Post date: Dec 12, 2013 4:28:23 PM
By Rosafina Diggle Gentle readers, while I am not an expert on the subject of *growing* taters, I am here now to share some of my techniques on *cooking* taters. There are many ways to prepare potatoes: baked, roasted, fried, boiled, mashed, whipped, and so on. And I must say, the thing that saddens me most is seeing a fellow cook use the wrong tater for the wrong dish. First let's talk about the potato I'm sure you're all very familiar with: the big rough brown ones. Now, these are just fine for pretty much everything, from mashing to baking, but where these really shine is in the baking. There are two basic methods for this, and you can decide which is more suited to your present tastes and circumstances: 1. Use a fork to poke little holes all over your tater, then roll it in oil and sprinkle on a bit of salt. This goes in the oven at a moderate temperature--same as what you'd bake a cake at--for about an hour.
2. Just stick that tater in the oven on high or in the coals of a dying fire for an hour. This is for those of us who like our tater skins and like 'em crispy! The inside will be less fluffy, but more creamy.
Now, these big brown taters are also very good for mashing, because they crumbles up so nicely when they get cooked. But if you like your mashed taters chunky, I suggest you mix some big brown taters with those little red taters (you know, with the slightly waxy skin)! The little red ‘uns hold together pretty well, and they are also perfect for “home fries.”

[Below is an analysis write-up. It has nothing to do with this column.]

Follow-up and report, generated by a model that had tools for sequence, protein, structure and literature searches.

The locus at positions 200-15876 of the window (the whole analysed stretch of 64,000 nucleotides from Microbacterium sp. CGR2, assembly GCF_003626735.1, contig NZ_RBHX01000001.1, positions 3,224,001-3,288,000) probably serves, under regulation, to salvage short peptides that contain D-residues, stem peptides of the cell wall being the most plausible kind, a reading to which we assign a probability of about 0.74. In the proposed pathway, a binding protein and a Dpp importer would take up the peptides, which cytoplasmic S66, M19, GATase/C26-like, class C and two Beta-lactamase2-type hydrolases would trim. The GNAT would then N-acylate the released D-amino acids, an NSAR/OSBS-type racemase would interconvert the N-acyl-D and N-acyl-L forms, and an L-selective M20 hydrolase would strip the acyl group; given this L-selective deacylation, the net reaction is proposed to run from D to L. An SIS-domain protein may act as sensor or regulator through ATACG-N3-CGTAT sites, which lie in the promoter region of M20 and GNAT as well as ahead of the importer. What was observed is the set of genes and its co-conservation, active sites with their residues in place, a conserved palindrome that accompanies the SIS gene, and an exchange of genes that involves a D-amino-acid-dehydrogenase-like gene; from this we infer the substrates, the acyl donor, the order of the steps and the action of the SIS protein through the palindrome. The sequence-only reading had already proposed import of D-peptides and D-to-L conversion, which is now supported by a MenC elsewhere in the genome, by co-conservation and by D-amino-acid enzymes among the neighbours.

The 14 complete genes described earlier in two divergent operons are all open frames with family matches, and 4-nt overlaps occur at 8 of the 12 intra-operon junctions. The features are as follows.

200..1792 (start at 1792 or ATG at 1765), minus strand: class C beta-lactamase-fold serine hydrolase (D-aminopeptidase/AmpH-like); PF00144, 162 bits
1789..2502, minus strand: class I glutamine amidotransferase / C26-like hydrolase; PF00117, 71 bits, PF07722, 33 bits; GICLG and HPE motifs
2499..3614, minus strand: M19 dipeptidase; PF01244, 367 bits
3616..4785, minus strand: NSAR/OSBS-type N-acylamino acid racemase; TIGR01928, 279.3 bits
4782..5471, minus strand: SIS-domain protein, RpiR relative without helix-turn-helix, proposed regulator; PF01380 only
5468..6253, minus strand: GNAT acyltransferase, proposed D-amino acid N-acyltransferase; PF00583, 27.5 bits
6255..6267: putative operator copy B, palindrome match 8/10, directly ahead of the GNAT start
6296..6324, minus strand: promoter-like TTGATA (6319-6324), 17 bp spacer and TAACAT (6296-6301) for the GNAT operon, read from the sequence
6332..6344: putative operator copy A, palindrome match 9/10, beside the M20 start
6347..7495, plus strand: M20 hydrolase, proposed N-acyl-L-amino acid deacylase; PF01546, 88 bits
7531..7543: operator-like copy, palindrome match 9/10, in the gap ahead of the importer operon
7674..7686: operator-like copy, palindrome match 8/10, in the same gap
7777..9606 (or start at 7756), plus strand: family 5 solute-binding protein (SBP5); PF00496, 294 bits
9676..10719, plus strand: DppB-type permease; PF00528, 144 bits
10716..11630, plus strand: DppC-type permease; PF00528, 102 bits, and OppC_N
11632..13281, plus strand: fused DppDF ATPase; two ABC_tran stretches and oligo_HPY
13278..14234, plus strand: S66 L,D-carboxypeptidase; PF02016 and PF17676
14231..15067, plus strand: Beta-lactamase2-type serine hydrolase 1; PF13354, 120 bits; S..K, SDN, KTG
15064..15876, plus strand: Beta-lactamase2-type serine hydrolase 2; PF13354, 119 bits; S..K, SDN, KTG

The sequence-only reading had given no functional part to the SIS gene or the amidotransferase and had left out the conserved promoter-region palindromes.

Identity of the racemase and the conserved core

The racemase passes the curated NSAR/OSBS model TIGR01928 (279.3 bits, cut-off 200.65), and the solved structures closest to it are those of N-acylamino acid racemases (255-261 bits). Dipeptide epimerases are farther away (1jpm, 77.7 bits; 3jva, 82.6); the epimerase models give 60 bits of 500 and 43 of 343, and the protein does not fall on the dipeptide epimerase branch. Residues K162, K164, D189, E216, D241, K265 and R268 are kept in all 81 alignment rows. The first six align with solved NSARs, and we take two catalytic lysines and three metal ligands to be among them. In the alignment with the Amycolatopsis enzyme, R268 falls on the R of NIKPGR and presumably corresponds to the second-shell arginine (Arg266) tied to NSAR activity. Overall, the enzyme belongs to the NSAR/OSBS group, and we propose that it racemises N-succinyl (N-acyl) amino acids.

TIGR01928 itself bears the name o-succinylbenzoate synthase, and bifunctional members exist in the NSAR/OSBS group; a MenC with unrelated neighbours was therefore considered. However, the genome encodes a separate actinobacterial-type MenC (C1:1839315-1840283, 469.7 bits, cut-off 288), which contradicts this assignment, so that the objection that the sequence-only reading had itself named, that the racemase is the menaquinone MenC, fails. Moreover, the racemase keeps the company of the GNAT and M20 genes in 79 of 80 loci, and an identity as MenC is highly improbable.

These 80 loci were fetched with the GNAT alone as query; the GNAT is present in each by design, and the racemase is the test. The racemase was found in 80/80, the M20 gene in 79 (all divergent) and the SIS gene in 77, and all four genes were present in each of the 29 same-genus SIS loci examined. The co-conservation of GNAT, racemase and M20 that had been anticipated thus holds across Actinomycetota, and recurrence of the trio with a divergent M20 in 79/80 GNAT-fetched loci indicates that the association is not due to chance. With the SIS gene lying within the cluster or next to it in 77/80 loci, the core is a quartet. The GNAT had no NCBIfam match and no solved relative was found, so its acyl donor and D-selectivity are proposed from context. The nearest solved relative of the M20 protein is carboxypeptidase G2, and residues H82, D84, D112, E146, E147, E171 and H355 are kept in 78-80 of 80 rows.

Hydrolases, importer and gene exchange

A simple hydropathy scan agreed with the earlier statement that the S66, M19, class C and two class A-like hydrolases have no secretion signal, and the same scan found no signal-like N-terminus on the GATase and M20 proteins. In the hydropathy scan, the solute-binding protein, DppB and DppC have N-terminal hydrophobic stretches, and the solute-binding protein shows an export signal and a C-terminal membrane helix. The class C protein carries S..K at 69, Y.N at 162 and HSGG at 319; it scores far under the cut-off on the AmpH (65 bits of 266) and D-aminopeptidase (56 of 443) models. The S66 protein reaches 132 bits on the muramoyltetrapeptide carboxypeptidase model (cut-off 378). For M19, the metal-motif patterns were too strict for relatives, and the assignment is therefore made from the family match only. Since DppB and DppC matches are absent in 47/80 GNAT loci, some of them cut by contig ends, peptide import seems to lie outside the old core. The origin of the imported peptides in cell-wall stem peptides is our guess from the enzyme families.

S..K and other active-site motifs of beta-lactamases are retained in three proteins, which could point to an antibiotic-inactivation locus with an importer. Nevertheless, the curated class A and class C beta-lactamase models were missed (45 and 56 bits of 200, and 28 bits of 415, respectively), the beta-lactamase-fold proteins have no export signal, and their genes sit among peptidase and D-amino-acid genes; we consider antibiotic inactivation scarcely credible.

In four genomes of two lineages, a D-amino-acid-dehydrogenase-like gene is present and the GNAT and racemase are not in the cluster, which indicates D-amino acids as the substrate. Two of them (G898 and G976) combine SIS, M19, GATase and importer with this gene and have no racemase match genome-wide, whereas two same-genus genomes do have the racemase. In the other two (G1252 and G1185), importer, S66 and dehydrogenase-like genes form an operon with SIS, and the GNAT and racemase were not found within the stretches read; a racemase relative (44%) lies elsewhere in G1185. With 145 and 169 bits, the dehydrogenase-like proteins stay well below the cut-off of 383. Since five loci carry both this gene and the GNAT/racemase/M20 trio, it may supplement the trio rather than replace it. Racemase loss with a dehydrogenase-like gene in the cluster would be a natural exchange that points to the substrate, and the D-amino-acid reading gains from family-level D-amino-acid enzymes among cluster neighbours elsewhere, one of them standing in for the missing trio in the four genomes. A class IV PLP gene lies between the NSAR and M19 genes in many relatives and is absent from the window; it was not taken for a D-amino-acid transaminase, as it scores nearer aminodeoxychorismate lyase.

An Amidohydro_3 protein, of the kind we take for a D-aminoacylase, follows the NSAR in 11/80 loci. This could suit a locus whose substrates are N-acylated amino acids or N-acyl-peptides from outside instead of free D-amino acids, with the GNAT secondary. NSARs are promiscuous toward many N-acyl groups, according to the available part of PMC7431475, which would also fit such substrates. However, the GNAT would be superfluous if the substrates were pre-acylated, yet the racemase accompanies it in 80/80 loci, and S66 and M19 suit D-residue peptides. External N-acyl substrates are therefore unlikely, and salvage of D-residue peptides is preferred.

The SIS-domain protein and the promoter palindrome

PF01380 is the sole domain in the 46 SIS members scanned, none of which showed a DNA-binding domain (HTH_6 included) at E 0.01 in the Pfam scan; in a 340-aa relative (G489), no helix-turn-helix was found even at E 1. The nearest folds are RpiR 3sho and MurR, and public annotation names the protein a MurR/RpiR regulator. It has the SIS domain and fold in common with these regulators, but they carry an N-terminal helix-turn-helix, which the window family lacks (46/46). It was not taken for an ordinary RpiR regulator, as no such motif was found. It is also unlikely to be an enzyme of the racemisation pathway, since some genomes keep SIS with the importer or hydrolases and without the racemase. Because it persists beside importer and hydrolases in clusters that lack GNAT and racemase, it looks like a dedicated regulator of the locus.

Now, I would be remiss if I did not mention the Yukon Gold potato. Its name is a mystery, but its purpose surely isn't: these are what you want when making a tater gratin (which is a fancy word for "layered potato dish") or when you need to whip up the topping for a Shepherd's Pie. The big brown taters tend to get a bit gummy if you overwork ‘em, and it’s almost impossible not to overwork potatoes if you are whipping them.
And now, I will share the most important potato secret of all (aside from using the right tater for the right dish). It is almost impossible to oversalt a potato. They need lots o’ salt, so if you’re going to be generous with your seasoning, this is the food for you!
((OOC: For those who are interested, the potato’s presence in Middle Earth is a bit of an anachronism, since the potato did not make its way to Europe until around the 17th century (if I remember my food history correctly). It was brought over from Central / South America by the Spanish, and as it is a member of the Nightshade family was for quite some time considered poisonous!))